In the dialogue it’s clear that Anna has developed a sense of being able to build sentences and is able to use word order correctly. It is through telegraphic speech that children learn how to acquire grammatical inflections in word forms and prepositions such as ‘in’ and ‘on’, this can be seen in line 14 of the dialogue also. Discourse and context play a role in teaching children language. Discourse identifies that language has ‘a social purpose’ (North, 2012, pg 133), and allows us ‘to communicate with other people to establish and maintain relationships, to share feelings, to exchange information, or to influence their behaviour’ (North, 2012, pg 133). Barbara Mayor and Daniel Allington declare that context is significant as it ‘refers to the physical location and social circumstances in which a particular example of language use occurs’ (Mayor and Allington, 2012, pg 6). The dialogue is set in informal setting, the sense of language between mother and daughter within the dialogue is perceived accordingly in this type of social setting in that is relaxed.
In regards to grammatical development, competence generally precedes performance wherein children are taught to comprehend a language before being able to speak it. In reference to communicative competence Del Hymes states that ‘a normal child acquires knowledge of sentences, not only as grammatical, but also as appropriate. He or she acquires competence as to when to speak, when not, and as to what to talk about with whom, when, where, in what matter’ (Hymes, 1972, pg 277, In Mayor, pg 106). Holding a conversation with a child can be difficult in terms of captivating their attention, however as Hymes explores, the majority of conversations between caregivers and children are based upon the subject of their interests, such as; family members etc. In this dialogue this is evident seeing that the conversation is based upon drawing both cars and trains for her parents.
Another trait in CDS is repetition in which is used to prolong an adult/child conversation by enabling the flow of speech. Repetition can be seen in lines, 3, 5, and 9 of the dialogue where the mother has repeated Anna’s previous comment. Another method used in CDS and perhaps the most essential rule of conversation is turn taking. Turn taking has a primary function that allows the infant to learn conversational structure. Taking turns seems to be a straight forward implement; however other factors need to be addressed in order for a child to fully appreciate the procedures. Within the dialogue, Anna has learnt that she has to take turns and actually appears to be rather good at it. Transition Relevance Place also known as TRP, identified and named by Sacks (1998 ), is when a conversation between one person and another follows fluently.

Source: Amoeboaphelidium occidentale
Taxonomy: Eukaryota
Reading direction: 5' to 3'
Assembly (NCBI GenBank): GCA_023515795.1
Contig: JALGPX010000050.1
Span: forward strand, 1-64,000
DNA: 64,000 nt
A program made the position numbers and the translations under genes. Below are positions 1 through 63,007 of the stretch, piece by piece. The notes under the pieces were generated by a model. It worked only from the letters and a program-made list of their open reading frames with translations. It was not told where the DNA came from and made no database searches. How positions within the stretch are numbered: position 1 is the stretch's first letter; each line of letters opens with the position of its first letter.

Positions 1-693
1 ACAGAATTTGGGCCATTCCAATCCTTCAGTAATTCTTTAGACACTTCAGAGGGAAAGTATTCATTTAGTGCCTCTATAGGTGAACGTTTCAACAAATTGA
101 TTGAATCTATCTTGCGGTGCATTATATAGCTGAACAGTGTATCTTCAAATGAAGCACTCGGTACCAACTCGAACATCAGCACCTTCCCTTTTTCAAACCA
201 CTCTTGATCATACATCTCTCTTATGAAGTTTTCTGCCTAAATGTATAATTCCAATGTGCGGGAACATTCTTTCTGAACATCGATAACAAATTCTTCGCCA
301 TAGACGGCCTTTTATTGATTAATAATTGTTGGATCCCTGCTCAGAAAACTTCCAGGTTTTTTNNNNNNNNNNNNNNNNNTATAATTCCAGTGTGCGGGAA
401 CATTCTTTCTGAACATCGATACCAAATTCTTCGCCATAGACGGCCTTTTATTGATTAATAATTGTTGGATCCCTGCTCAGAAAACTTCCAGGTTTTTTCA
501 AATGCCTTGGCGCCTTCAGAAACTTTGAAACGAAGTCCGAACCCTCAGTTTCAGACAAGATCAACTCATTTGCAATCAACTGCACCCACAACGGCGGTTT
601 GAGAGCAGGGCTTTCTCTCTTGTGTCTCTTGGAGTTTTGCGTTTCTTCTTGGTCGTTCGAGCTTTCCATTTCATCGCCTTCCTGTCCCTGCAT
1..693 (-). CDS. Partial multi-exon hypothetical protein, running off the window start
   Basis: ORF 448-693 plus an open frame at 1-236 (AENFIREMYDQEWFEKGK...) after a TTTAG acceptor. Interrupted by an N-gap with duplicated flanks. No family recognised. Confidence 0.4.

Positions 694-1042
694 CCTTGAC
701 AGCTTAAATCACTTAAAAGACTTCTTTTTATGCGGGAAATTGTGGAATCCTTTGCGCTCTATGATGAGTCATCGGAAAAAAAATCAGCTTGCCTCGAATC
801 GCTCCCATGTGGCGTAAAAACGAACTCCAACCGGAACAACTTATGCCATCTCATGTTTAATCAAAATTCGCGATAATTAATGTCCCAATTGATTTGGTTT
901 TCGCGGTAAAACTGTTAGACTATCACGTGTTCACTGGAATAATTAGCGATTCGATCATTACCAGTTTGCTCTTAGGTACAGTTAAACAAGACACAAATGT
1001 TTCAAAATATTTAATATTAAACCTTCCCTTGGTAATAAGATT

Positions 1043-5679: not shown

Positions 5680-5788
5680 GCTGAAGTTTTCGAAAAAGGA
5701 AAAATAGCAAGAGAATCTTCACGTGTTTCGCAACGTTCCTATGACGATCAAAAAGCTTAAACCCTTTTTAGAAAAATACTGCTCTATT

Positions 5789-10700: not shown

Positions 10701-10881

However, it is common for an overlap during conversation in which a person mistakes a TRP and takes their turn of speaking before the previous speaker is able to carry on with their turn. This overlapping of speech can sometimes be unintentional depending on whether a legitimate TRP occurs or not. Referring to the dialogue, in line 1 we can see that the mother is the first speaker in which she speaks with an utterance made up of one so-called TCU (a question). At the end of this TCU (line 1) is a TRP in which the role of the speaker and the listener swop, in line 2 Anna recognised the TRP and speaks.
North (2012) has identified that sometimes listeners respond to a previous speakers at a TRP, not by trying to take a turn of speech but instead by showing an interest and by encouraging the speaker to continue talking. This can be seen in 11 in the dialogue ‘Mhm’. North mentions that in terms of taking part in a conversation ‘you cannot just say anything; you have to respond appropriately’ (North, 2012, pg 158). Harvey Sacks agrees and identifies that ‘spoken exchanges are composed of ‘single units’ or ‘composites’, which tend to function together in pairs’, in which he named these units ‘adjacency pairs’ (Schegloff and Sacks, 1973, In Mayor and Allington, pg11).
Adjacency pairs are an underlying aspect of conversational-turn taking where one speaker provokes a responding utterance from the second speaker. Question and answer is a common adjacency pair and can be seen in the dialogue throughout lines 1, 3, 7, 13 and 15, which are responded too, by Anna, in a ‘preferred response’. Other adjacency pairs are ‘dispreferred’ responses (responses the listener doesn’t want to hear).
Hymes, D. H. (1972) ‘On communicative competence’ in Pride, J. B. and Holmes, J. (eds) Sociolinguistics: Selected Readings, Harmondsworth, Penguin.
University/College: University of Chicago
Type of paper: Thesis/Dissertation Chapter
Date: 21 November 2016